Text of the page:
Hitler’s Third Reich produced no great films. Leni Riefenstahl was a brilliant innovator and superb editor, with an extraordinary gift for visual effects, but I would hesitate to call Triumph of the Will, or even Olympia great films, unless greatness can be confined to technical prowess. Nazi Germany did not have the equivalent of an Eisenstein or Pudovkin, who still managed to create masterpieces out of political propaganda. Perhaps this reflects a difference between National Socialism and Communism, even though Stalin was no less murderous than Hitler. Great work can still emerge from the utopian ideal of the workers’ paradise. It is harder to imagine artistic excellence arising from violent racism. D.W. Griffith’s white supremacist movie The Birth of a Nation is a possible exception to this rule, but this film, too, is more remarkable for its technical innovation than anything else.
The most infamous Nazi propaganda film is Veit Harlan’s Jew Süss, made in 1940. It’s a vicious reworking of Lion Feuchtwanger’s novel about an 18th century Jewish financier, named Joseph Süss Oppenheimer, whose daughter is raped and killed by his boss, the Duke of Württemberg. In the film, it is the sinister Jew who cheats the innocent Duke, infiltrates and corrupts the Gentile community, and rapes a pure Christian woman, who drowns herself as a consequence. To the cries of “Kill the jew!” from the baying mob, Süss is hanged in the climactic scene. Harlan: In the Shadow of Jew Süss a brilliant new documentary on Harlan and his legacy directed by Felix Moeller, does not dwell on Harlan’s motivation. Instead, it shows how the director’s family was affected by his notorious career. It is a brilliant exposé of the way history resonates through the generations, of the ripples that continue to emanate from one man’s nefarious actions.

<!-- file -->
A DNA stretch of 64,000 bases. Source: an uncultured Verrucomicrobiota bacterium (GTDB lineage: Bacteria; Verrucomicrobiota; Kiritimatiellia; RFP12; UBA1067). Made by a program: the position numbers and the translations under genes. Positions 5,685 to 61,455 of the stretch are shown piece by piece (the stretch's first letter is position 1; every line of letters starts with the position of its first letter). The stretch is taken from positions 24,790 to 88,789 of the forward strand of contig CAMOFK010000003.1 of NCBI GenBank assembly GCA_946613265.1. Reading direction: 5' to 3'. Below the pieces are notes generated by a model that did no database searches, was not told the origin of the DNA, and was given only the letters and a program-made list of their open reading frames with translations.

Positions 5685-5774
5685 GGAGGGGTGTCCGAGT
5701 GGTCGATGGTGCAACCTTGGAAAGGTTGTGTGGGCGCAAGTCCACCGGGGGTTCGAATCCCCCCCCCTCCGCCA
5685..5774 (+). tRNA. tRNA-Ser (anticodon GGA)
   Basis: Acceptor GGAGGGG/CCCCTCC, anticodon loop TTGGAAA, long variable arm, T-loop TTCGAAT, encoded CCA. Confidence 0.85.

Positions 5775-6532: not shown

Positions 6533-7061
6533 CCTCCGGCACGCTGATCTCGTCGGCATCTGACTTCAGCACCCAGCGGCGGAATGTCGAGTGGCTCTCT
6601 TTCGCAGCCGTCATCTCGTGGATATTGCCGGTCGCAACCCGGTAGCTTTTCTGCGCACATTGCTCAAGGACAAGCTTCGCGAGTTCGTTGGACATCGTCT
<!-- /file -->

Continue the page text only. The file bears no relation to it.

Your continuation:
Jew Süss was a huge success in Germany. Heinrich Himmler ordered all SS men to see it. Veit Harlan became Goebbels’s star director, displaying in several films his technical mastery of crowd scenes and lurid dream sequences, as well as an appalling taste for sentimental excess (rather like Riefenstahl’s feature films). And his wife, the Swedish actress Kristina Söderbaum, had a glittering career in wartime movies as a romantic blonde heroine who almost invariably dies beautifully, usually of drowning, earning her the sobriquet Reichswasserleiche, the Reich’s water corpse.
It is impossible to know for sure why Harlan, who had many Jewish friends and whose first wife was in fact Jewish, agreed to direct this vile piece of work. Opportunism, perhaps; careerism; an attraction to power; or perhaps he shared enough of the Nazi ideals to join the brown ranks. Maybe it was all these things. After the war, Harlan was tried twice for complicity in crimes against humanity. He maintained that he had been forced to make the movie. And twice he was let off as a mere mitlaüfer, a fellow traveler.